Two behind bars for Hanover Park shooting

A picture of Dorian Solomons taken four years ago.

Two suspects have been arrested for the murder of 15-year-old Dorian Solomons, who was shot and killed in Hanover Park last week.

The fatal shooting occurred in Lansport Road on Thursday March 23, at about 8am.

His mother Jacquline Solomons, said Dorian was the third member of her family to be killed as a result of their alleged involvement in gangsterism. His brother was shot and killed four years ago, and his father, 12 years ago.

According to Captain Lance Goliath, spokesman for Philippi police, the boy sustained multiple shots to his head and body, and five used cartridges were found on the scene.

Captain Goliath said two men, aged 18 and 24, were arrested on Friday March 24. The 24-year-old was scheduled to appear in the Athlone Magistrate’s Court on Monday March 27 on a charge of murder, while a court date had yet to be set for the 18-year-old.

“The third suspect is still at large and the investigation continues. Philippi station commander Colonel Dennis Abels who attended to the crime scene, condemned the killing and is urging the public to come forward with information,” he said.

Ms Solomons said Dorian walked his friends to school every morning and that he had woken up at about 6.30am to check if his friends were outside already.

Last year Dorian was in Grade 7 at Voorspoed Primary School in Hanover Park but was suspended in February due to bad behaviour.

She said her son had belonged to a clique of five boys who all attended the same school and were always suspended together.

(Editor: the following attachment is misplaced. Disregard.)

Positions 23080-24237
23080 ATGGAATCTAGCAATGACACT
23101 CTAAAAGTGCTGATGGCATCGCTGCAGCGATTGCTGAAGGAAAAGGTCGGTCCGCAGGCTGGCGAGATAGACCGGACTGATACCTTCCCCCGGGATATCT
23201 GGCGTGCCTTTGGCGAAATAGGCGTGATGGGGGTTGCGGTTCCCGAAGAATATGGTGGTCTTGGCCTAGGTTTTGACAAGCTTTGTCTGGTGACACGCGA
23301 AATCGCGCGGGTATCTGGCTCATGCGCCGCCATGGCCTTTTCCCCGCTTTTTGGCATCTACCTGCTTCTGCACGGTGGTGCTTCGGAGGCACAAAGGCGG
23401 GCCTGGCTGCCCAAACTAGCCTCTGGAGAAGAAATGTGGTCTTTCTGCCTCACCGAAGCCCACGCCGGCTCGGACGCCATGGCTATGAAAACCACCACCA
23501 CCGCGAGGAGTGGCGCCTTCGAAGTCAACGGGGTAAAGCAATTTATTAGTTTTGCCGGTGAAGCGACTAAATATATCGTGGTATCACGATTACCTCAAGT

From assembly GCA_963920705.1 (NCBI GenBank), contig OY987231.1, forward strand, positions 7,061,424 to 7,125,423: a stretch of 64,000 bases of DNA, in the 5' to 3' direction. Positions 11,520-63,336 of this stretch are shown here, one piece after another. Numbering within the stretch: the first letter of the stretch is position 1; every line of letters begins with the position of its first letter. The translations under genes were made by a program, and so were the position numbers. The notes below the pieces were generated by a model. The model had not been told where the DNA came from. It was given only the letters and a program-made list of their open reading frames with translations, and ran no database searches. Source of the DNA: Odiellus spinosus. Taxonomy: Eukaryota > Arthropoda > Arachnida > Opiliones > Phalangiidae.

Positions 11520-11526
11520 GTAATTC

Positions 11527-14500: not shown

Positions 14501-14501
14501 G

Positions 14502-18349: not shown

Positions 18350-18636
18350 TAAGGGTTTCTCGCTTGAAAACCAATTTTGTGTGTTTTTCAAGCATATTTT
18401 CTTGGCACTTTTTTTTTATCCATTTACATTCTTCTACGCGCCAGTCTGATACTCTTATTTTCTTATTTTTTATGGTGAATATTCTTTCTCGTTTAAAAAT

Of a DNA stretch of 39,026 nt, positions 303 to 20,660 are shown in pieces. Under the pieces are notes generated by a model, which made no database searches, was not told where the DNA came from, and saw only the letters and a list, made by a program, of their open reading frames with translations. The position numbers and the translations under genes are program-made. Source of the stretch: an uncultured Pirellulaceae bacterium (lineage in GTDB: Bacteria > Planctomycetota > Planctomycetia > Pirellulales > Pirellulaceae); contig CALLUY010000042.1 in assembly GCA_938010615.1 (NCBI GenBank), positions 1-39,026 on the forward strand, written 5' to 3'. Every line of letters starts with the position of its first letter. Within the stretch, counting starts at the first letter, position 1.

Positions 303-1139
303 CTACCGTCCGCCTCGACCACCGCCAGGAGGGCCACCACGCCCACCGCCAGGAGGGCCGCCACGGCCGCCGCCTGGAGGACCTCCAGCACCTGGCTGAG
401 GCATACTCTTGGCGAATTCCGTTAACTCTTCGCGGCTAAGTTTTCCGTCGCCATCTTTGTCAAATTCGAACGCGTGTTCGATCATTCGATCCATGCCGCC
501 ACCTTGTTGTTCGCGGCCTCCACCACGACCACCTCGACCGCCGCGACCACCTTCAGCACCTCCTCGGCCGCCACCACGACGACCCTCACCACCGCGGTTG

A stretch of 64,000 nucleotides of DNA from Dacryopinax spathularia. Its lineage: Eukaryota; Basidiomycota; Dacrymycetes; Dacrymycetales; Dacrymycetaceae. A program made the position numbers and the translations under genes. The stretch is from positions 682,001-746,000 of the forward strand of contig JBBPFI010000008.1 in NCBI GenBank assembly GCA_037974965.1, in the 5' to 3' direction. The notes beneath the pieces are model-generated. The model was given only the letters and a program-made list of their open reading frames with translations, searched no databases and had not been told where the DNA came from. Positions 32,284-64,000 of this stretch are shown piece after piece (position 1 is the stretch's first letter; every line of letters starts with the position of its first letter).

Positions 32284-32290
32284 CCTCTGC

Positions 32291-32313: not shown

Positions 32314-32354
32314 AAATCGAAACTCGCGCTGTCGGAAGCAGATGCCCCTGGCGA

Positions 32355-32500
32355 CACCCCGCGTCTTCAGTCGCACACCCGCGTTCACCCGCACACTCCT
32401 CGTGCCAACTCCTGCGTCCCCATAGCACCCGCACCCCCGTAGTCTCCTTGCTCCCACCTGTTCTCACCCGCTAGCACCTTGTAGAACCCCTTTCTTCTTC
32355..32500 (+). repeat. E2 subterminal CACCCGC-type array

The situation, however, got so bad, said Ms Solomons, that she was forced to lay a charge against her son when he threw a stone at her window and broke it.

She said she worked night shift, and the situation at home preoccupied her, making it difficult for her to focus on her work.

The court placed Dorian in the care of BOSASA Horizon Youth Care Centre for children awaiting trial.

Ms Solomons believes Dorian had not been able to deal with his anger because he didn’t receive counselling after the death of his father and brother.

“We went to court and I told the social worker they need to fetch him as he is very rude and angry and he needs help. He told me about Bosasa and said this is a 50/50 chance, either he will come out better or worse, it’s like a small Pollsmoor.

“I said yes he should go so that he can appreciate what he has,” she said.

“When they kept him back I was walking in the other road already and I heard him shouting ‘I want my mommy’ and I thought no he must learn.”

“He was there for six months and was due to come out in January but came out in December due to good behaviour,” she said.

“I told him he might think I’m cruel but it’s for his own good,” she added.

Ms Solomons said she visited Dorian every month for five months and that while he had been quite upset in the beginning, he understood afterwards why his mom had sent him there.

When Dorian was released in December last year, Ms Solomons said, he was different child and was no longer angry and rude to adults.

“There was a big improvement in his behaviour. He was not rude to people anymore, and kept nagging that he wanted to go to school again,” she said.

She described him as a child who liked making jokes, was very talkative, and liked lots of girls.

Ms Solomons admitted that her son had been a member of the Americans gang but said he was no longer involved with them after he returned home.

She believes that his shooter was someone from a rival gang who was with him at Bosasa as not many people knew about the (gang) tattoo on his arm.

“I want the community to stand up and say if their children have guns. They need to start working with the community and not against them because this needs to end now,” she said.

A vigil was held for Dorian on Saturday March 26 at the open square in Athon Walk in Hanover Park.

Anyone with information is asked to call the investigation official Detective Sergeant Zamuxolo Lengesi on 073 676 8983 or 021 690 1517 or Crime Stop at 0860 10111.